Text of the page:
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Lawmaker suggests using seized fentanyl for executions

The Ohio state representative says using seized fentanyl would be more humane than other alternatives.

ATLANTA — Using seized fentanyl for executions. The idea, that's getting a lot of attention, comes from an Ohio state lawmaker.

Republican Scott Wiggam says it's more humane than death by electrocution.

The suggestion comes as pharmaceutical companies cut access to the drugs that have been used in the past to put inmates to death. 

Wiggam is drafting legislation to allow Ohio prison officials to use fentanyl from drug busts to perform executions. He says using the seized drugs would offer a less violent way to put people to death compared to the electric chair or some lethal injections, citing one execution that took nearly half an hour.

Fentanyl is a powerful synthetic drug, similar to morphine, but it can be 50 to 100 times more potent. Doctors prescribe it to treat severe pain, but it's increasingly become a deadly recreational drug. It's commonly sold as pills or powder, used in eye drops, nasal sprays or syringes.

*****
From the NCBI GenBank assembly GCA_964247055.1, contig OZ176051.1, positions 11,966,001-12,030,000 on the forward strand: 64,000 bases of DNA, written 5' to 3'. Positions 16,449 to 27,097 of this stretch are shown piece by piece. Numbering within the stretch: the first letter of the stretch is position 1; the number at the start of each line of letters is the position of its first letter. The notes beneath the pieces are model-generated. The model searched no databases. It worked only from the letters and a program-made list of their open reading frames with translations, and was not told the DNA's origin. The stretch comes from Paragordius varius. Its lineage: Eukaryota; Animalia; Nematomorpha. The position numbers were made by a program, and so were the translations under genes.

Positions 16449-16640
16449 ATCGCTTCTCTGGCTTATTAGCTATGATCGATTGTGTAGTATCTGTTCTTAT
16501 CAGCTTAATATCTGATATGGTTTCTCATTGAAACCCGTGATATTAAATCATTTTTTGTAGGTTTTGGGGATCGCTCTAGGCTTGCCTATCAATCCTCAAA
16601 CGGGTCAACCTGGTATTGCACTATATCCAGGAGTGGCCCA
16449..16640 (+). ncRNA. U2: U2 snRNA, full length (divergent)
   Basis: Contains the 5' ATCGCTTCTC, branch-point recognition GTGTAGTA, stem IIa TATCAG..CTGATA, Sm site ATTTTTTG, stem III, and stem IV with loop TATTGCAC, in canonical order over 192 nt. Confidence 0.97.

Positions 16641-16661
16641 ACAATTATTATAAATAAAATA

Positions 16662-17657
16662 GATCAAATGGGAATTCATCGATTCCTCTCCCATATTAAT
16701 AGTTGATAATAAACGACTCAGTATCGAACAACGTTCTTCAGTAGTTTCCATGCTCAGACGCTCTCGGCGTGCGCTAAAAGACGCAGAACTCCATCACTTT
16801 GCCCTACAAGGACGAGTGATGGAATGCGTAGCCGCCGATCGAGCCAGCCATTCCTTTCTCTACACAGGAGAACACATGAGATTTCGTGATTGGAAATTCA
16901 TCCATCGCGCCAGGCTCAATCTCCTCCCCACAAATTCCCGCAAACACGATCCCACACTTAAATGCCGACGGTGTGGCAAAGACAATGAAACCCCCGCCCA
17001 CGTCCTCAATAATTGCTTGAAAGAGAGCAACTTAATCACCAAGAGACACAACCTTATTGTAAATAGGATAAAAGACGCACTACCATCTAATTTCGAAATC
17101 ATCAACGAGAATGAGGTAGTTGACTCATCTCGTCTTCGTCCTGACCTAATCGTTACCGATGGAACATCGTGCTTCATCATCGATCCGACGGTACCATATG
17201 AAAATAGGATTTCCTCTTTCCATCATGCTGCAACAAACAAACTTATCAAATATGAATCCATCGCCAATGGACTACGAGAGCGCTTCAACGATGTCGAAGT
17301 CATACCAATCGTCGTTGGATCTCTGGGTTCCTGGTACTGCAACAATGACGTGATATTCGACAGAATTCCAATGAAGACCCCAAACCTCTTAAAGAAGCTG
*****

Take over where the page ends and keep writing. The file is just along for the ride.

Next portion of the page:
It's also responsible for a growing number of overdose deaths across the country.

The current proposal in Ohio comes as people question the morality of execution and as states face difficulties obtaining the mixture of drugs used in lethal injections. 

Advocacy group Death Penalty Action says lawmakers should stop focusing on how someone is put to death and instead look at the death penalty itself, saying offenders can be held accountable without capital punishment.

So far it does not appear any other state has suggested using seized fentanyl for executions.

NPR reported the state of Nebraska as the first to use the drug as part of an execution last year. A licensed US pharmacy provided the fentanyl in that case. 

In Georgia, the GBI says seized fentanyl is typically destroyed at the conclusion of a case.

The amount of fentanyl that has been seized recently in the state wasn’t immediately available.


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